May 2021

These features and Databricks platform improvements were released in May 2021.


Releases are staged. Your Databricks account may not be updated until a week or more after the initial release date.

Databricks Machine Learning: a data-native and collaborative solution for the full ML lifecycle

May 27, 2021

The new Machine Learning persona, selectable in the sidebar of the Databricks UI, gives you easy access to a new purpose-built environment for ML, including the model registry and four new features in Public Preview:

  • A new dashboard page with convenient resources, recents, and getting started links.

  • A new Experiments page that centralizes experiment discovery and management.

  • AutoML, a way to automatically generate ML models from data and accelerate the path to production.

  • Feature Store, a way to catalog ML features and make them available for training and serving, increasing reuse. With a data-lineage–based feature search that leverages automatically-logged data sources, you can make features available for training and serving with simplified model deployment that doesn’t require changes to the client application.

For details, see AI and Machine Learning on Databricks.

Additional instance types and more local SSD support

May 27, 2021

There are more instance types available and most instance types now have local SSDs. For the latest list of instance types, the prices of each, and the size of the local SSDs, see the GCP pricing estimator. As of May 27th, 2021, all instance types except the E2 family have local SSDs.

Faster local SSD performance with disk caching

May 27, 2021

Disk caching now works by default with all instance types that have local SSDs except highcpu instance types. Cache sizes on all supported instance types are set automatically, so you do not need to set the disk usage explicitly. For clusters that use a highcpu instance type with local SSD, you must enable disk caching by setting a Spark config on the cluster.

Audit log delivery (Public Preview)

May 20, 2021

You can now capture a detailed audit trail of the activities that your users perform in your Databricks account and its workspaces. Configure audit log delivery to a Google Cloud Storage bucket using the account console. Configure audit logs by June 3, 2021 to receive a backfill of audit logs since May 4, 2021.

Increased limit for the number of terminated all-purpose clusters

May 18, 2021: Version 3.46

You can now have up to 150 terminated all-purpose clusters in a Databricks workspace. Previously the limit was 120. For details, see Terminate a compute. The limit on the number of terminated all-purpose clusters returned by the Clusters API request is also now 150.

Increased limit for the number of pinned clusters

May 18, 2021: Version 3.46

You can now have up to 70 pinned clusters in a Databricks workspace. Previously the limit was 50. For details, see Pin a compute

Manage where notebook results are stored (Public Preview)

May 18, 2021: Version 3.46

You can now choose to store all notebook results in your GCS bucket for system data regardless of size or run type. By default, some results for interactive notebooks are stored in Databricks. A new configuration enables you to store these in GCS bucket for system data in your own account. For details, see Configure notebook result storage location.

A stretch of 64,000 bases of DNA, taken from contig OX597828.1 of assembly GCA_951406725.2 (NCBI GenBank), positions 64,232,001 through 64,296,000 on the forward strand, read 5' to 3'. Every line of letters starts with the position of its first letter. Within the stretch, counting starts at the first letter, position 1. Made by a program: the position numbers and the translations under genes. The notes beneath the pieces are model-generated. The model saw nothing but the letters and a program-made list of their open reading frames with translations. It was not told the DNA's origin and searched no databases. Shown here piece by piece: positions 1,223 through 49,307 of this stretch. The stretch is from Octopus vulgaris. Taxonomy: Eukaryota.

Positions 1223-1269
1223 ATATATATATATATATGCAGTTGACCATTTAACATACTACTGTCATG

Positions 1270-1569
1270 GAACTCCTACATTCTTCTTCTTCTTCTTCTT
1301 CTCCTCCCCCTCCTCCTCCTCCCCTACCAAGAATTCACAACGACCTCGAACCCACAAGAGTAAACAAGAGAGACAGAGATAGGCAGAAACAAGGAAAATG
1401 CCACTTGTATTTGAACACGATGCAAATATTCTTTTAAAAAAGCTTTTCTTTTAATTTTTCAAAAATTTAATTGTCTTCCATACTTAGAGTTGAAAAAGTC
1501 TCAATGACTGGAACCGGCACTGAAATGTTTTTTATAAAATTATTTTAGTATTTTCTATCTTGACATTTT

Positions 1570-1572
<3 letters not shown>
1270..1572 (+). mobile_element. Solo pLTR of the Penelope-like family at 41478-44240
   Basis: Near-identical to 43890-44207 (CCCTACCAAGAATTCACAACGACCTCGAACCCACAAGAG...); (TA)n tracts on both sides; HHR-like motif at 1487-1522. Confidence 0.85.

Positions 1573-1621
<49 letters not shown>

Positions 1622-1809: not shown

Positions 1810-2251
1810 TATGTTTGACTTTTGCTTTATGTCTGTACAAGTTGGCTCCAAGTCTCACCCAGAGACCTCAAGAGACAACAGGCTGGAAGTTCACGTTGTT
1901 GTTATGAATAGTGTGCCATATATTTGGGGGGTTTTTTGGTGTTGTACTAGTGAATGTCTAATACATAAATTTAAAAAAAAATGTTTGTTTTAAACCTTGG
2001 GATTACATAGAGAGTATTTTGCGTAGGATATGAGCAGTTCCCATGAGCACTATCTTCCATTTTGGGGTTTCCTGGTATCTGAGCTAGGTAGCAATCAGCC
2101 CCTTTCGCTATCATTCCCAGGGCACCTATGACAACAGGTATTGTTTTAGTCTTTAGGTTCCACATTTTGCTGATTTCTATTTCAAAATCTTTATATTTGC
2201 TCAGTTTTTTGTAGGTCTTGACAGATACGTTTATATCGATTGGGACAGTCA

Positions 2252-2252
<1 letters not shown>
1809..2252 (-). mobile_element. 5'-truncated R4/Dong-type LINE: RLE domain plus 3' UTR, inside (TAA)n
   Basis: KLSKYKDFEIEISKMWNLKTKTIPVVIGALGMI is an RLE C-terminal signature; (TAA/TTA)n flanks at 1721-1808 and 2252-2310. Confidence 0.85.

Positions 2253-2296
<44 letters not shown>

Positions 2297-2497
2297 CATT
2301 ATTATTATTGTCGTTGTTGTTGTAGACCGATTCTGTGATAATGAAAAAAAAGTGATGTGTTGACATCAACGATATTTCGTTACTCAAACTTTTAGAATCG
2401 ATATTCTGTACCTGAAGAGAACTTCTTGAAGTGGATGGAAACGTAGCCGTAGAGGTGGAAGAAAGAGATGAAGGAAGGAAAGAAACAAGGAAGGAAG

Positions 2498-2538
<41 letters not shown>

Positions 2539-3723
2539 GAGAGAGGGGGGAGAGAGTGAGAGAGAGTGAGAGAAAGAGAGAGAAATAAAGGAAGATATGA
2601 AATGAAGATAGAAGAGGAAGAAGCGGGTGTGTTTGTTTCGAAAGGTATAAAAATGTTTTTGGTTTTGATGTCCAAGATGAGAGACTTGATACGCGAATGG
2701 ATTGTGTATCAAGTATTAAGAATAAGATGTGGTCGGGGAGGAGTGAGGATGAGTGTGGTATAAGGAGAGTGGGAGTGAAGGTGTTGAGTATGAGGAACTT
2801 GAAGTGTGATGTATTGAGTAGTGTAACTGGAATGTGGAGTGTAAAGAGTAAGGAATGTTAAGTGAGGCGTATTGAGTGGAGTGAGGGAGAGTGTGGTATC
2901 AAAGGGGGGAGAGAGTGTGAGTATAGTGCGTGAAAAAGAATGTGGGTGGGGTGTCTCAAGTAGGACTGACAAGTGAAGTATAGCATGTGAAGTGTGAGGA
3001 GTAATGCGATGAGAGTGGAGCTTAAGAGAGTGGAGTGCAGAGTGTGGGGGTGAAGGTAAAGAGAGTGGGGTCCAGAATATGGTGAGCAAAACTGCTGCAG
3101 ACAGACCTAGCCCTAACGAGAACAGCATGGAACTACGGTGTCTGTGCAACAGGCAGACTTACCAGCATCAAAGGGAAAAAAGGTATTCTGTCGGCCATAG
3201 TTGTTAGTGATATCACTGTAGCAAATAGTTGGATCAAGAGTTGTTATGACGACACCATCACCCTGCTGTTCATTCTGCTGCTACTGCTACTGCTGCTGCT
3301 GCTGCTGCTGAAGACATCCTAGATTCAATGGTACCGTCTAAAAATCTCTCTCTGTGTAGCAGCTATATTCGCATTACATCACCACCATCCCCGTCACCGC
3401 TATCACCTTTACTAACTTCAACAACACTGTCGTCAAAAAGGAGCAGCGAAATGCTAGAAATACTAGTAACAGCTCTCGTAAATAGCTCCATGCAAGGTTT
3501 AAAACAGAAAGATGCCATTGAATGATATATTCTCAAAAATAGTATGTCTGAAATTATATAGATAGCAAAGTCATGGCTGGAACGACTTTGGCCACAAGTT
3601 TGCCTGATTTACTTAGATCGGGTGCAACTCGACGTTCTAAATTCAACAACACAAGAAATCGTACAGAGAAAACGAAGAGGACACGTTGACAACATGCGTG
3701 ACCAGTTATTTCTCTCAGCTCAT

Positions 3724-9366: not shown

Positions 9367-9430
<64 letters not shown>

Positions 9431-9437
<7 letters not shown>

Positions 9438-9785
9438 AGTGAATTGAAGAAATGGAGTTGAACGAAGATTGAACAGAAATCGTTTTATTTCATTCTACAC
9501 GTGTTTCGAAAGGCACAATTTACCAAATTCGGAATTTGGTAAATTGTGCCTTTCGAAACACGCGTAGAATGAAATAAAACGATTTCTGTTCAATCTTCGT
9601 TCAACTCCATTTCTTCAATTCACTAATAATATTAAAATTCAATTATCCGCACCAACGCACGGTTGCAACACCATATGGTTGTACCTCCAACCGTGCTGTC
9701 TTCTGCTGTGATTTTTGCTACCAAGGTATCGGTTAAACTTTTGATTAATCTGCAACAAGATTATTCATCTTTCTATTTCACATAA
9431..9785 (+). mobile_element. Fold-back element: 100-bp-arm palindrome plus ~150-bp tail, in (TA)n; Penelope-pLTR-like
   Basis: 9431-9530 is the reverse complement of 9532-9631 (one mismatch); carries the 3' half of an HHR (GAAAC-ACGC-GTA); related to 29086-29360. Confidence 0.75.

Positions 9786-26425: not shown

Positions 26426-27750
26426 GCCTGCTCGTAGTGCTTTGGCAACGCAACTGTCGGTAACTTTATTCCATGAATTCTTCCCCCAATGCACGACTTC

This feature has no impact on notebooks run as jobs, whose results are always stored in GCS bucket for system data.

Spark UI displays information about terminated clusters

May 18, 2021

The Spark UI now displays detailed information about terminated clusters, not just active clusters.

Create and manage pools using the UI

May 18, 2021

You can now create and manage Pool configuration reference using the UI in addition to the Instance Pool API.

Databricks on Google Cloud is GA

May 4, 2021

Databricks is pleased to announced the GA release of Databricks on Google Cloud, which brings deep integration with Google Cloud technologies. To get started, go to Google Cloud Platform Marketplace, select Databricks, and follow the instructions in Get started: Account and workspace setup.

Databricks on Google Cloud runs on Google Kubernetes Engine (GKE) and provides a built-in integration with Google Cloud technologies:

The GA release of Databricks on Google Cloud includes all of the features provided in the March 22 public preview, with these additions:

General features:

Clusters and notebooks:


Some features available in Databricks on other clouds are not available in Databricks on Google Cloud as of this release. For a list of supported and unsupported features, see Databricks on Google Cloud features.

For known issues, see Known issues.

Subnet address range size calculator for new workspaces

May 4, 2021

Sizing the GKE subnet ranges used by a new Databricks workspace is key, because you cannot change the subnets after your workspace is deployed. If the address ranges for your Databricks subnets are too small, then the workspace exhausts its IP space, which in turn causes your Databricks jobs to fail. To determine the address range sizes that you need, Databricks now provides a calculator. See Calculate subnet sizes for a new workspace.

Databricks Runtime 7.4 series support ends

May 3, 2021

Support for Databricks Runtime 7.4, Databricks Runtime 7.4 for Machine Learning, and Databricks Runtime 7.4 for Genomics ended on May 3. See Databricks support lifecycles.

Jobs service stability and scalability improvements (Public Preview)

May 3-10, 2021: Version 3.45

To increase the stability and scalability of the Jobs service, each new job and run will now be assigned a unique, non-sequential identifier that may not monotonically increase. Clients that use the Jobs API and depend on sequential or monotonically increasing identifiers must be modified to accept non-sequential and unordered IDs.